A “branch” refers to a jump into the same function. A jump out of the function, for example, a function call, is not included in the term “branch.”

A “VLIW (very long instruction word)” and “long word instruction” refers to a code which specifies a set of operations executed in parallel in one cycle.

A “instruction” (excluding a “long word instruction”) refers to a code corresponding to one operation.

Embodiment 1 Processor used with the invention

Before describing the present instruction string optimization apparatus, functionality which a processor used with the apparatus should provide will be described.

(Architecture)

The processor used with the present apparatus is a variable-length, single instruction architecture processor and includes instruction memory, a program counter, an instruction fetch circuit, an instruction register, an instruction decoder, an arithmetic and logic unit, a general-purpose register, data memory, a bus for transmitting data and addresses, and other components which a conventional processor includes.

FIGS. 1a through 1 c shows formats of instructions executed by the processor. Short instruction of two bytes (FIGS. 1a, 1 b) and long instructions of four bytes (FIG. 1c) are used and distinguished by a format information bit at the beginning of the instruction. The instruction decoder in the processor references the format information bit and decodes the instruction as a 2-byte instruction if the format information bit is “0” or a 4-byte instruction if the bit is FIG. 1a shows a 2-byte instruction for an inter-register operation. FIG. 1b shows a 2-byte instruction using a 5-bit constant and FIG. 1c shows a 4-byte instruction using a long constant of 21 bits. The right most field specifies a destination register if the type of the instruction is an operation instruction or a transfer instruction, or specifies a branch condition code if the instruction type is a branch instruction.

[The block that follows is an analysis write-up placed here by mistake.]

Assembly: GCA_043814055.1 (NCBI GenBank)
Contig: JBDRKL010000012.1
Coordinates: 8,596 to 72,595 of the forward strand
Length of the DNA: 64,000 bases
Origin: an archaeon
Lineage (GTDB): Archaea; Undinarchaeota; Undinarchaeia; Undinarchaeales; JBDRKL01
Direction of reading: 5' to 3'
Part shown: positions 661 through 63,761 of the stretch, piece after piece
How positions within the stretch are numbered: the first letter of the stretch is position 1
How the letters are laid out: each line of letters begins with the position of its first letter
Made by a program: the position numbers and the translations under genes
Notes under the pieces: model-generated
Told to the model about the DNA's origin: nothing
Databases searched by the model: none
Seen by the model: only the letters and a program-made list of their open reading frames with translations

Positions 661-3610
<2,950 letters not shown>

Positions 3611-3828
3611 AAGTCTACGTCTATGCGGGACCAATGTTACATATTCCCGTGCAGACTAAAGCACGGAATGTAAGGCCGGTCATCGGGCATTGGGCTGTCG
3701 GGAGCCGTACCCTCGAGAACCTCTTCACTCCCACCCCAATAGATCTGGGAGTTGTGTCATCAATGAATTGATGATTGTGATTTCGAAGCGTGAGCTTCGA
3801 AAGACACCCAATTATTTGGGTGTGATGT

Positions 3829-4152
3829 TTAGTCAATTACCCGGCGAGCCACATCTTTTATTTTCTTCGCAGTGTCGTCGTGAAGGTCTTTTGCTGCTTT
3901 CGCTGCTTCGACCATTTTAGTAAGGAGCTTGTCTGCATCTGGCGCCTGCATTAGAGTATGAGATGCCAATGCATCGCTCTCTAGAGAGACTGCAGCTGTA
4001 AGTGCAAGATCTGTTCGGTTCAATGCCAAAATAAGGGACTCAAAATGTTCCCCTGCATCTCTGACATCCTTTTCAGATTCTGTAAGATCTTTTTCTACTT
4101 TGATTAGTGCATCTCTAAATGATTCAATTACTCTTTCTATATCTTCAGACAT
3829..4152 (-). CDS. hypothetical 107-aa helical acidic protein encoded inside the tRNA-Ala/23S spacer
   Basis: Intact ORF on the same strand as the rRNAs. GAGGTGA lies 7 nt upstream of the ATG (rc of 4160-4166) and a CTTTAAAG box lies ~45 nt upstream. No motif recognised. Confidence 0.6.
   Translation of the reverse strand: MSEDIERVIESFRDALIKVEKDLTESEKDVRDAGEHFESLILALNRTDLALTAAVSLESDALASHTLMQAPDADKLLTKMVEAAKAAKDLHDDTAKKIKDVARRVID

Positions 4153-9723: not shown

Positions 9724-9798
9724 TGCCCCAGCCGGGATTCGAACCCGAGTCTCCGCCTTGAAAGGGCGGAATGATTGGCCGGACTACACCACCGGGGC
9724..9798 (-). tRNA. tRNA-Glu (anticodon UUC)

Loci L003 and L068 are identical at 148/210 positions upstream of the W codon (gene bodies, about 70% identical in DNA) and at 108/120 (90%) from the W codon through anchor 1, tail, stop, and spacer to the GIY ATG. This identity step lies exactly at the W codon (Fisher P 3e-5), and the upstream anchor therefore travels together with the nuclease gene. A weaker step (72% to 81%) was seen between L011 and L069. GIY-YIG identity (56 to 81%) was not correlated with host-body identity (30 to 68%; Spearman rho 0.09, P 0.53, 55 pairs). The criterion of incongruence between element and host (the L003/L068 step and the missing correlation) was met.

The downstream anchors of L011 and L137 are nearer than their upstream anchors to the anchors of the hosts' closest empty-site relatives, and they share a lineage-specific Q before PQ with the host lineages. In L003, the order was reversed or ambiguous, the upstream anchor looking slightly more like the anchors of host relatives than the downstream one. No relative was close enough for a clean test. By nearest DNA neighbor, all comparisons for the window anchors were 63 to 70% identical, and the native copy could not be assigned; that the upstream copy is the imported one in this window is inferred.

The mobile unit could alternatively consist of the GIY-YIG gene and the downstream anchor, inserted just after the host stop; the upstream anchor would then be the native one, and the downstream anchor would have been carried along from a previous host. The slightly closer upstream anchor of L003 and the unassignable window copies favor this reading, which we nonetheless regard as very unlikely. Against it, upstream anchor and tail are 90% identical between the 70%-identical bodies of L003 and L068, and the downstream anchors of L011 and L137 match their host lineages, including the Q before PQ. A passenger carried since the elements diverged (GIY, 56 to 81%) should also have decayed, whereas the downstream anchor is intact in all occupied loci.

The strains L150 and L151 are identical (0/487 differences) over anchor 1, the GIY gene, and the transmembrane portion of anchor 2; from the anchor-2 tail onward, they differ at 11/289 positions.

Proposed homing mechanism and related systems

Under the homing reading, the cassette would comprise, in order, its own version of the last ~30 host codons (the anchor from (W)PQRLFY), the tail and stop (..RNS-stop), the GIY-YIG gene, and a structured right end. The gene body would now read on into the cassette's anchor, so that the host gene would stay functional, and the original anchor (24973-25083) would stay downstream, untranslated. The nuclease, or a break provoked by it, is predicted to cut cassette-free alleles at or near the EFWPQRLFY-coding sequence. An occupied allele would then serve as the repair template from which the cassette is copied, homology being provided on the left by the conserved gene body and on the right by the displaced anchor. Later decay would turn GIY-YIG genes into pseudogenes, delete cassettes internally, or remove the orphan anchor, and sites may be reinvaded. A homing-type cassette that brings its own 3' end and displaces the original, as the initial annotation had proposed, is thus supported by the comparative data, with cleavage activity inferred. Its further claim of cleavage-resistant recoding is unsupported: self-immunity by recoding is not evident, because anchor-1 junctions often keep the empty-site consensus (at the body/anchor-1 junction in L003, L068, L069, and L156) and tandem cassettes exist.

As a branch instruction, a relative branch instruction is used which uses a difference between the address of the branch instruction and the address of the branch target as a constant.

Among the instruction sets used by the processor, main instructions are: